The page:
DDG(X): divining the design of the US Navy's next destroyer
Warship Technology May 2021
As first highlighted in the March 2021 issue of Warship Technology, the US Navy is working to mature the acquisition approach and key technologies that will underpin delivery of its projected DDG Next (DDG[X]) guided missile destroyer.
Previously known as the Large Surface Combatant programme, DDG(X) is intended as a follow-on to the DDG 51 Flight III destroyer. The top-level requirement for the new class was approved by Chief of Naval Operations Admiral Mike Gilday in late 2020, with an order for the lead ship expected towards the end of the 2020s.
The service is looking to strike a judicious balance as it advances the design and development process. On the one hand, the navy’s senior leadership is unanimous that the next destroyer should incorporate potentially revolutionary developments in directed energy weapons, high power sensors, and integrated power and energy. It should also be ‘futureproofed’ to allow for the insertion of new technologies over the course of the ship’s life, understanding that the last DDG(X) to be built is likely to still be in service at the end of the 21st century.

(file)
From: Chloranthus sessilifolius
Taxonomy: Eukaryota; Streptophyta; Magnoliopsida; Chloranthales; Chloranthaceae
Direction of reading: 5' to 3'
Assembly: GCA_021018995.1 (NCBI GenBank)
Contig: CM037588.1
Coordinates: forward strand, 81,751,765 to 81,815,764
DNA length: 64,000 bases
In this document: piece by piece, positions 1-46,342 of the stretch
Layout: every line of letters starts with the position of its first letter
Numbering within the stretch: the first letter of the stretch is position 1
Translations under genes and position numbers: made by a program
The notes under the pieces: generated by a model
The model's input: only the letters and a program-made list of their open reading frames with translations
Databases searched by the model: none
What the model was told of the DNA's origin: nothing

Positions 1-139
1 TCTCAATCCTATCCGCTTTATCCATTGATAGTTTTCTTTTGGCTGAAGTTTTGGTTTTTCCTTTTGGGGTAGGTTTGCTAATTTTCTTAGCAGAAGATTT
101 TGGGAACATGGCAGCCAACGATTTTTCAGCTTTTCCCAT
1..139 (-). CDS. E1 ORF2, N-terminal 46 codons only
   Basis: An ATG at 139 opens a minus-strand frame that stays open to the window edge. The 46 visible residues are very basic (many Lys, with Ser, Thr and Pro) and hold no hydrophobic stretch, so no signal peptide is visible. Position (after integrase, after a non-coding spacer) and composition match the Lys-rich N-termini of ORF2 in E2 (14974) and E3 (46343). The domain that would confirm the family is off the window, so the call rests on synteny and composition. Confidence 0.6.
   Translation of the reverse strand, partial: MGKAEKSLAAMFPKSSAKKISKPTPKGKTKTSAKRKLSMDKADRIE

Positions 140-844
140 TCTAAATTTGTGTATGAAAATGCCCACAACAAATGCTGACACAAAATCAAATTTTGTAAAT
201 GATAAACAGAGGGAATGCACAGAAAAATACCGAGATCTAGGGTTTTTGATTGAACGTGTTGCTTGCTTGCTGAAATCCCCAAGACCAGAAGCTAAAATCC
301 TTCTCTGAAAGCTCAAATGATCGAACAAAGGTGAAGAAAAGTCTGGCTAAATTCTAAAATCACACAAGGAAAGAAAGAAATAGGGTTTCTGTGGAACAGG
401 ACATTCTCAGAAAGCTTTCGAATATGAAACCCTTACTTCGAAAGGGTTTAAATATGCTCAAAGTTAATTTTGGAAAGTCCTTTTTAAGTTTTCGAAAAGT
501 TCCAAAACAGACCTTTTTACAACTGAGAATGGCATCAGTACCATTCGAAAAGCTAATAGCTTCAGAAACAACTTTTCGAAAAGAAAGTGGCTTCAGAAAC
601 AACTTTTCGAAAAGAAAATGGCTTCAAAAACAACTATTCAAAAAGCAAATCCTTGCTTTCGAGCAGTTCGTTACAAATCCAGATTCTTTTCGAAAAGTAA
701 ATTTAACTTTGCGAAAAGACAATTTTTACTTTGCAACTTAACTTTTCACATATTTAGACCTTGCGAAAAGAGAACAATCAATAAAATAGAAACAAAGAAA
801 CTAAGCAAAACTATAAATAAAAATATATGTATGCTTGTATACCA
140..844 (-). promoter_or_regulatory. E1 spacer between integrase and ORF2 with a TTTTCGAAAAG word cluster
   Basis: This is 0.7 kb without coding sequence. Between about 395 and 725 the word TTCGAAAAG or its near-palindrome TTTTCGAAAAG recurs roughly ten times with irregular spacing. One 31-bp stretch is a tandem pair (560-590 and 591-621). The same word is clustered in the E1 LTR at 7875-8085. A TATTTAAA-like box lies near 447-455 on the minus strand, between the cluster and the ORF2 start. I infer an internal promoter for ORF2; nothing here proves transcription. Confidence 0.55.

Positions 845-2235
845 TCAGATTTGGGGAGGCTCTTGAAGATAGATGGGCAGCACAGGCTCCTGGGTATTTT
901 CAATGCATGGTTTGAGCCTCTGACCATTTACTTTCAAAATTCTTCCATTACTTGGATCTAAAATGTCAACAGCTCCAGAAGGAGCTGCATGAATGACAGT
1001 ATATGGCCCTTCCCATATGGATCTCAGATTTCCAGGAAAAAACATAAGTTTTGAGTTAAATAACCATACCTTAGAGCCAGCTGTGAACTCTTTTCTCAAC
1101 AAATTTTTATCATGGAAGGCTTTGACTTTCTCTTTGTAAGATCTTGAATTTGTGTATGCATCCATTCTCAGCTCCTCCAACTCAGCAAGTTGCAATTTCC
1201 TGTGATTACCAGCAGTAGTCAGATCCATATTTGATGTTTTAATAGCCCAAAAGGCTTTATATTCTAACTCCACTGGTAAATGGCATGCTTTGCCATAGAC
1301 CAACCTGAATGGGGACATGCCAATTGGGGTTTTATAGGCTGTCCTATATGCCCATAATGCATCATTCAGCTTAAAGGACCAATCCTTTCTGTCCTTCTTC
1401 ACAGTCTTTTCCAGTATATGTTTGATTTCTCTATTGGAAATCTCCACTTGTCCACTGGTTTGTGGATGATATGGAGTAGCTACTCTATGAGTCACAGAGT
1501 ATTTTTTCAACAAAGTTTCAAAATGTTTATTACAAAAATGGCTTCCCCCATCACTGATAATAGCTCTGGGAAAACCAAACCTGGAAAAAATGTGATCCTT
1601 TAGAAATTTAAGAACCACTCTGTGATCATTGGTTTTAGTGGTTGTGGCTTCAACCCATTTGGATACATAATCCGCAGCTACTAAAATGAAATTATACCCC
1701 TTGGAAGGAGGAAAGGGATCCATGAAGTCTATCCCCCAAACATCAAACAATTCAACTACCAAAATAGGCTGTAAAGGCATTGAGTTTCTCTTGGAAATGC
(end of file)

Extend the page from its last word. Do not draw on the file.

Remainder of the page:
At the same time, with experience of the hugely ambitious but ultimately unaffordable DDG 1000 class still fresh in the mind, there is a recognition that the evolution of existing systems and technologies is a necessity in many areas so as to reduce cost and risk. For example, the US Navy is already clear that the core combat system for the DDG 51 Flight III – Aegis Baseline 10 and the AN/SPY-6(V)1 Air and Missile Defense Radar – should serve as the foundation for DDG(X).
The critical challenge facing the US Navy is the need to replace its 22 remaining CG-47 Ticonderoga class Aegis guided-missile cruisers. The oldest of these ships, USS Bunker Hill, is now 35 years old; the youngest, USS Port Royal, is 27 years old.
The possibility of further evolving the DDG 51 design for DDG(X) has been foreclosed, however. While the DDG 51 destroyer baseline has been evolved substantially over three decades, the design is now acknowledged to have reached the limits of its development margins with the latest Flight III iteration.